For more reading on the Shellshock bug, how it is being exploited and the history/timeline, see here:  http://www.troyhunt.com/2014/09/everything-you-need-to-know-about.html

2 Amazing Google Reader Replacements You Haven’t Heard Of

It’s that time my friends.  Time for us all to shuffle ourselves off of Google Reader.  I’m very sad because I’ve used it every single day since it was offered to Google users.  It replaced BlogBridge, my favorite RSS client due to its lightweight server side always-available-on-every-platform appeal.  But it’s shutting down within the next few weeks.  These are sad times my friends.

We’ve all seen the discussions on sites like Lifehacker, PCWorld, and TechCrunch all claiming that there are multiple replacements and/or alternatives.  I’ve cycled through the gamut of them and found two relatively unknown gems I’d like to share with you.  I’ve used both of these for a couple of days and I can honestly say…depending on your focus when using a reader, they’re quite nice and can replace Google Reader completely for you…and chances are you haven’t heard of them.

Let me start by saying if you’re a fan of magazine style flipboard readers, nothing beats Feedly.  However, I don’t really think Feedly fits exactly with what Google Reader did.  So while I don’t mind using it for say, things to post on Pinterest…it’s not exactly what I need to get through tons of news quickly.  I find the magazine style pictures distracting when I attempt to make it through hundreds of feeds daily with a focus on news reading.  If you’re not like me, Feedly will work fine for you.  If you are like me, read on and I’ll show you 2 fantastic Reader replacements that you probably haven’t heard of.

InoReader, the Best I’ve Found

Let’s start with the best reader I’ve found to replace Google Reader…InoReader.  InoReader is a free online reader that allows unlimited feeds with a nice, minimalist UI.


I can’t find anything wrong with the look and feel…it’s very comforting since it is very Google Reader-like.  There are some amazing options available…for instance, if you care little for social networks, you can disable anything social from appearing in your feeds:


Other options you might be interested in is the ability to eliminate double posts.  This means that if you have a couple of feeds that feature redundant posts, this will eliminate one of them.  Handy if you read tons every single day:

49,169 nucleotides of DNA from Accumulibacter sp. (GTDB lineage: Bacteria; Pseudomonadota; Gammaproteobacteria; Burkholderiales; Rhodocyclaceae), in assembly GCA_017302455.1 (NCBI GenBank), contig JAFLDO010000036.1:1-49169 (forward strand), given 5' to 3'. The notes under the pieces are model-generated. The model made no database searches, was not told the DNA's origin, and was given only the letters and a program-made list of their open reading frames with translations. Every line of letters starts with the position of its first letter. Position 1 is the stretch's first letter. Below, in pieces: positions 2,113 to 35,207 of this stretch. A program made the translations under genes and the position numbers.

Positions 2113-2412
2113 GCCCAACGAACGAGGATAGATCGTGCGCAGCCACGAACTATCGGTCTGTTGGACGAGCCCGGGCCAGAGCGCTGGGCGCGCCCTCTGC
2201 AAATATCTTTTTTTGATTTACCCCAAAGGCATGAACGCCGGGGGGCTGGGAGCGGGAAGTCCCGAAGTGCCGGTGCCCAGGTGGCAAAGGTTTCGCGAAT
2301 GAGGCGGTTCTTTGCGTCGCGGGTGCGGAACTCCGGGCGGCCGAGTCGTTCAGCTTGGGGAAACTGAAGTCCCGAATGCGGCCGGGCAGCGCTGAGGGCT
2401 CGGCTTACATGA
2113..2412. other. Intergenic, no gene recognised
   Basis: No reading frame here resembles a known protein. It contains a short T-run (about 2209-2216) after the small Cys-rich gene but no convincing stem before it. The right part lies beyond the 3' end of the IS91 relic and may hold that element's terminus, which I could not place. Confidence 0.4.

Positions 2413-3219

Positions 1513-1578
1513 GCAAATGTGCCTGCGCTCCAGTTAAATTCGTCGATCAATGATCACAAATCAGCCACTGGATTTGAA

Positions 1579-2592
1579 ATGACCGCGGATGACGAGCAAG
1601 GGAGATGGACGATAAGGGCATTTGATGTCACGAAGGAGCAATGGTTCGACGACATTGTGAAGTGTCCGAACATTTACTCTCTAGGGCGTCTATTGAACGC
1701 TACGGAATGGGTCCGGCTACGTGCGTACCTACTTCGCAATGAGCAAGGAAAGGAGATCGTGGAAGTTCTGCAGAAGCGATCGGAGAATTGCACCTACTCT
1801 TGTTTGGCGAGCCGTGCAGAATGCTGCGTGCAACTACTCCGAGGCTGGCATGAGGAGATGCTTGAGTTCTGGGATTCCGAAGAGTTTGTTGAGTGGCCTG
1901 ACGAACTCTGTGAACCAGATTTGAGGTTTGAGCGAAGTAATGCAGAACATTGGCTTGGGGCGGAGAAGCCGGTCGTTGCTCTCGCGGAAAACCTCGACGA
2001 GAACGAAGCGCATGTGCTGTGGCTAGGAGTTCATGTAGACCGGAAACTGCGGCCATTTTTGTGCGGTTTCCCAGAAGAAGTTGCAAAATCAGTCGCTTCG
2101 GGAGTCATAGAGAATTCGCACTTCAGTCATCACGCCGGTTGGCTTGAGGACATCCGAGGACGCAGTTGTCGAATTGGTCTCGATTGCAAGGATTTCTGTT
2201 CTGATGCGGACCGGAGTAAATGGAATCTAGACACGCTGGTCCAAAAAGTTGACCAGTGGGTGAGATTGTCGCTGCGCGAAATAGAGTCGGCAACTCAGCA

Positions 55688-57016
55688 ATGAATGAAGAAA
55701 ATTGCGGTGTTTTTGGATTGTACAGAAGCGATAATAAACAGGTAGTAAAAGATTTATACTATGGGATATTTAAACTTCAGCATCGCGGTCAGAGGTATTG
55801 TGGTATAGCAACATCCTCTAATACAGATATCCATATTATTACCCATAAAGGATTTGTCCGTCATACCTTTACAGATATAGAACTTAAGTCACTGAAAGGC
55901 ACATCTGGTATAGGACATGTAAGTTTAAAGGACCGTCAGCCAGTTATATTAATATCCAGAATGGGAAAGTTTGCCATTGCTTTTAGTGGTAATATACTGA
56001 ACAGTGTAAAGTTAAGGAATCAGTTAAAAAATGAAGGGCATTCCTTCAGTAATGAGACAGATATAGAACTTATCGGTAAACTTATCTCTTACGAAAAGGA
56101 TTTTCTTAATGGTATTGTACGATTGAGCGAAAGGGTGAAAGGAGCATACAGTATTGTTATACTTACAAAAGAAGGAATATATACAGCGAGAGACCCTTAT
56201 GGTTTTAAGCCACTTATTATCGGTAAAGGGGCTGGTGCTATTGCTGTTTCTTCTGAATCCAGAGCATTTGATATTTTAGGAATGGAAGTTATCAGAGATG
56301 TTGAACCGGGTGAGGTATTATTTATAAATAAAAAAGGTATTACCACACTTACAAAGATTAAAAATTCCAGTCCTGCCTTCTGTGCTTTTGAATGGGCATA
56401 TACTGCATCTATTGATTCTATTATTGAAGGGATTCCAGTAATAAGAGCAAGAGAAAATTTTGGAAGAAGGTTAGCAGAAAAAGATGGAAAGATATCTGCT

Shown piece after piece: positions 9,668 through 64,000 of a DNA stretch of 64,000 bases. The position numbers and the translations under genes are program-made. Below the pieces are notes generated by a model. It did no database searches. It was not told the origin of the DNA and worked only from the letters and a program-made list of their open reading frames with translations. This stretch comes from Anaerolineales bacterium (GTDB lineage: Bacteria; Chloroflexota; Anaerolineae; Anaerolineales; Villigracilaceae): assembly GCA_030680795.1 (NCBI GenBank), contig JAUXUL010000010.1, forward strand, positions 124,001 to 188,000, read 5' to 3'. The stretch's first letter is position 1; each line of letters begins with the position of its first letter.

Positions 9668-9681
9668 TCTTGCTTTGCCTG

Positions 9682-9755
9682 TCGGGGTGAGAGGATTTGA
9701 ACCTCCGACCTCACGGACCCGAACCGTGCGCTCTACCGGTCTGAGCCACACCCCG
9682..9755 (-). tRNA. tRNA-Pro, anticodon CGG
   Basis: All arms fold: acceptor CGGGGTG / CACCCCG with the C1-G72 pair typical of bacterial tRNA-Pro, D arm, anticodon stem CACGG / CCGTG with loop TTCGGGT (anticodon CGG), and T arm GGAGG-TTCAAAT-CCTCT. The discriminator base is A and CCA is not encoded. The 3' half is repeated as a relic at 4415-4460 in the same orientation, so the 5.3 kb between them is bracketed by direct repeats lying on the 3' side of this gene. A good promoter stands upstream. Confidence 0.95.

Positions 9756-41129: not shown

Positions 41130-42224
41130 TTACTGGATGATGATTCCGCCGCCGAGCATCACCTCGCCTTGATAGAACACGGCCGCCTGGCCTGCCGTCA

I’ve found the speed of displaying feeds to be fantastic…it’s every bit as fast as Google Reader was.  I’ve also found keyboard shortcuts to be functional and fast.  There are 2 feed layouts available and that is full articles (expanded view) and lined articles (list view).  This is perfect for someone with as many feeds as I have.

Do you want statistics?  InoReader has them.  It’s very comparable to Google Readers Trend section.

Inoreader StatsAll in all, I’ve found InoReader to be EXACTLY what I need in a Google Reader replacement.  I’m sure some people will find small, niggling things that stick out for them…but for me, it does everything I need it to.  I was able to import my Google Reader subscription file from Google Takeout in a matter of seconds…this in itself is head and shoulders above another reader I tried called “The Old Reader” which took 2 weeks to import my feeds.

InoReader also has a mobile version of its website that autosyncs with my feeds in the browser which is nice when I’m using my tablet or phone.  While there is no Android application as of the writing of this article, the mobile site is quite nice and simple and allows me to do everything I need to do and looks very similar to Google Reader’s mobile site.  There is a Chrome App also available in the Chrome Web Store.  Add things in like ability to search through your feeds, multilanguage support, as well as Pocket and Instapaper integration and you’ll understand why I think that this is the best Google Reader replacement available.